The sense of entitlement that some people come into an establishment with. They expect something, and if they don’t get it, they cause a fit. Sugarland is a late-night bar. People come in and get angry drunk. I have no tolerance for that. I’ve worked coat check, so people are insane there, or they get mad that a DJ can’t play a request. There’s 500 people here, and he’s trying to do his job! Partying should be fun—it’s not about you getting to hear your favorite song.
Is there any trepidation on behalf of a bar with gay males hiring a female (even though you’re a drag queen)?
No, it’s the Brooklyn thing. And on Saturday, we do have shirtless male bartenders, too, so they do get to look at that. But if I were to go into Splash Bar [in Manhattan] and say: “Hey, I’m the Glammy-winning bartender. Hire me,” they’d say, “Go fuck yourself.” I don’t know how long it’ll last, though. Williamsburg is changing really fast.
Sugarland was on an abandoned block. That’s how it got its folklore. It was a taste of Old New York, and you could do anything, and nobody said anything. But they put condos next to it, and now we have neighbors who want to complain about things. But we keep doing our thing. We were there first.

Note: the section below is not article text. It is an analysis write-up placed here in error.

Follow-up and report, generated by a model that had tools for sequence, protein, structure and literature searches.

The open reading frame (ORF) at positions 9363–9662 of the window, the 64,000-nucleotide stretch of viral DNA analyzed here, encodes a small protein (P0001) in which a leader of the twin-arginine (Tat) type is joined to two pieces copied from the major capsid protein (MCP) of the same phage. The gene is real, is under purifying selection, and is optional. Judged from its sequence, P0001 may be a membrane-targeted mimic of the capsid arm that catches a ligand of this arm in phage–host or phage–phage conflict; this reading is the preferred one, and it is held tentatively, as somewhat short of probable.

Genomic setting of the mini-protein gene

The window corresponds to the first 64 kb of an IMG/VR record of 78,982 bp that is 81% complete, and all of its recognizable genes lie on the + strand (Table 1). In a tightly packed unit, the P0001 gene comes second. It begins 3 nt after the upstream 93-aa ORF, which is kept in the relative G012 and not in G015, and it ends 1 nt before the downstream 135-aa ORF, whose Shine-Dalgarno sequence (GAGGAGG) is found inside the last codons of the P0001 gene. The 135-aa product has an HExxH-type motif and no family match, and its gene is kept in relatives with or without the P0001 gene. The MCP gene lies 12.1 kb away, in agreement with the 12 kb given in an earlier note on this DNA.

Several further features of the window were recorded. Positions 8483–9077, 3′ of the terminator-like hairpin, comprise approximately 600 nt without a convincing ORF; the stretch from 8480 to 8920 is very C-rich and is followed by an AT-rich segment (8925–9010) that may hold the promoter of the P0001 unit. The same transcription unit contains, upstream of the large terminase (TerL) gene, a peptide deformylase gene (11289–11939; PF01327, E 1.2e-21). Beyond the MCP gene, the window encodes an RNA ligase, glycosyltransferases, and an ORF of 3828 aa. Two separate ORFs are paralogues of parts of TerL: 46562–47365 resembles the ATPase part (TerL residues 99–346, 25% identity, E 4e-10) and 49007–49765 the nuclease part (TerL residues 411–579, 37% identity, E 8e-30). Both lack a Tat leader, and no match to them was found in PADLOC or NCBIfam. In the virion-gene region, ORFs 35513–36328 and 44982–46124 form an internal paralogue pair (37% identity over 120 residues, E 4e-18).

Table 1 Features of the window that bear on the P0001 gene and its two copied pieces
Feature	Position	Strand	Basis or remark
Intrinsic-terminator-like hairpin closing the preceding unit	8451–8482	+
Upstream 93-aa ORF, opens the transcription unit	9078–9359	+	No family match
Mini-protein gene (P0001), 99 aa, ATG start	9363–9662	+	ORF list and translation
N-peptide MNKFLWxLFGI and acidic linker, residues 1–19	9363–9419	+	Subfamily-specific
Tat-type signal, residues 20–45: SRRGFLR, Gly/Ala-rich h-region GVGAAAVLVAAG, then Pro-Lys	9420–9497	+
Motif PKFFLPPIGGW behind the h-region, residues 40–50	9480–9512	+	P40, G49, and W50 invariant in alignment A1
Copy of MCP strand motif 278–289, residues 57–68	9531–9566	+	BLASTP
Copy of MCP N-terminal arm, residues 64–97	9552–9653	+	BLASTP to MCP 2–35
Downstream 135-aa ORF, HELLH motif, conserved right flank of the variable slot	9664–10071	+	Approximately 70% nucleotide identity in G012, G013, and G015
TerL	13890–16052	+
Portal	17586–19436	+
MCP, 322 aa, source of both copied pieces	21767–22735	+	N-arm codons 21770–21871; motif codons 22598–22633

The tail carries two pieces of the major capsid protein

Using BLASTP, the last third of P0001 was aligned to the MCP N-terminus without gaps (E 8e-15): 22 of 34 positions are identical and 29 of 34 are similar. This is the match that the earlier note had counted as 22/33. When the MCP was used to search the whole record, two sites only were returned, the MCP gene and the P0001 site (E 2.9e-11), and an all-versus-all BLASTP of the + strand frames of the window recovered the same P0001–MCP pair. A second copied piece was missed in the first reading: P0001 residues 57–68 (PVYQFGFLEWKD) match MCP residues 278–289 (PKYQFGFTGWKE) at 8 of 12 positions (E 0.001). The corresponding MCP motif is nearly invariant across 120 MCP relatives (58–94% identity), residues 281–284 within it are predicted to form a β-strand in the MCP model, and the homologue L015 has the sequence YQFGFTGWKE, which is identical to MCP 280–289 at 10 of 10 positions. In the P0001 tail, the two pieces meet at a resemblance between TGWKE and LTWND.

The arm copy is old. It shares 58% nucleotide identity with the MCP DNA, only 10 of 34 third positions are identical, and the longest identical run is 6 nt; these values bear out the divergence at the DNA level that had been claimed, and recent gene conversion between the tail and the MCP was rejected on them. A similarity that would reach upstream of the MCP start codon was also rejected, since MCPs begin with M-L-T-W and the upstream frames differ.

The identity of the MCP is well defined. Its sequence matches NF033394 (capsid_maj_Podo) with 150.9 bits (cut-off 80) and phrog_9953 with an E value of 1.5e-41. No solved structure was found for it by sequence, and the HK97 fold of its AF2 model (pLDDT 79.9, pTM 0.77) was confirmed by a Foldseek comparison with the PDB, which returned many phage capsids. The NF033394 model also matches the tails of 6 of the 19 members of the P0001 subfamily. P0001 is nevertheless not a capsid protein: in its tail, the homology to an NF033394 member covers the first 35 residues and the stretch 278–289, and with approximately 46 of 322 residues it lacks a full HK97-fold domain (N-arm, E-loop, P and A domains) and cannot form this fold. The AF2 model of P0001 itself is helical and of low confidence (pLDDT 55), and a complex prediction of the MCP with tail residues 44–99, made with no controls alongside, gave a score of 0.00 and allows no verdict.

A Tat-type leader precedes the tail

Maybe Williamsburg will eventually become the new Times Square.
Oh, my God. I hope not. But Sugarland was completely empty on all sides, and now there’s three buildings that have gone up. You’re watching the development and gentrification of that neighborhood.
Do the neighbors complain about noise?
Some. And we’re working as a community to fix it. We don’t want to anger our neighbors. Eventually, people moving in is good for the neighborhood, but at the same time, we have to be able to bring you music and have people there.
How has your family responded to your work? My family is incredible.
They’re very supportive people. My dad’s hairdresser growing up was a transsexual man, and my dad was heavily in the gay world, and my mom was a ballerina. I have really open parents.
But how open are you? Would you ever venture into the dreaded world of bottle service?
I’ve done it, and it was awful. I know how much money they make. I get it, but I just don’t think I can do it.
You feel like a whore?
I do. And I don’t like to work in straight bars for that reason. Much as I joke that people hit on me at Sugarland, it’s not like a meat market thing. We don’t allow bottle service at Sugarland.
What do you hope to get out of all this?
I’m an artist, and I perform, and bartending has been an amazing platform. I also work at Metropolitan in Williamsburg, which is also a gay bar. My customers have definitely become supporters of my art and vice versa. I’ve met a lot of people I’ve collaborated with—you talk to them and end up doing a silly video or recording a song. That’s what I mostly get out of it—and it pays the rent.
Your advice to a bartender starting
They definitely need to drink water. That’s the first thing. And don’t forget it’s a job. It’s definitely a marathon, not a sprint, and your body can only take so much. You’re working nights, and you’ve got to eat right and
This article from the Village Voice Archive was posted on October 17, 2012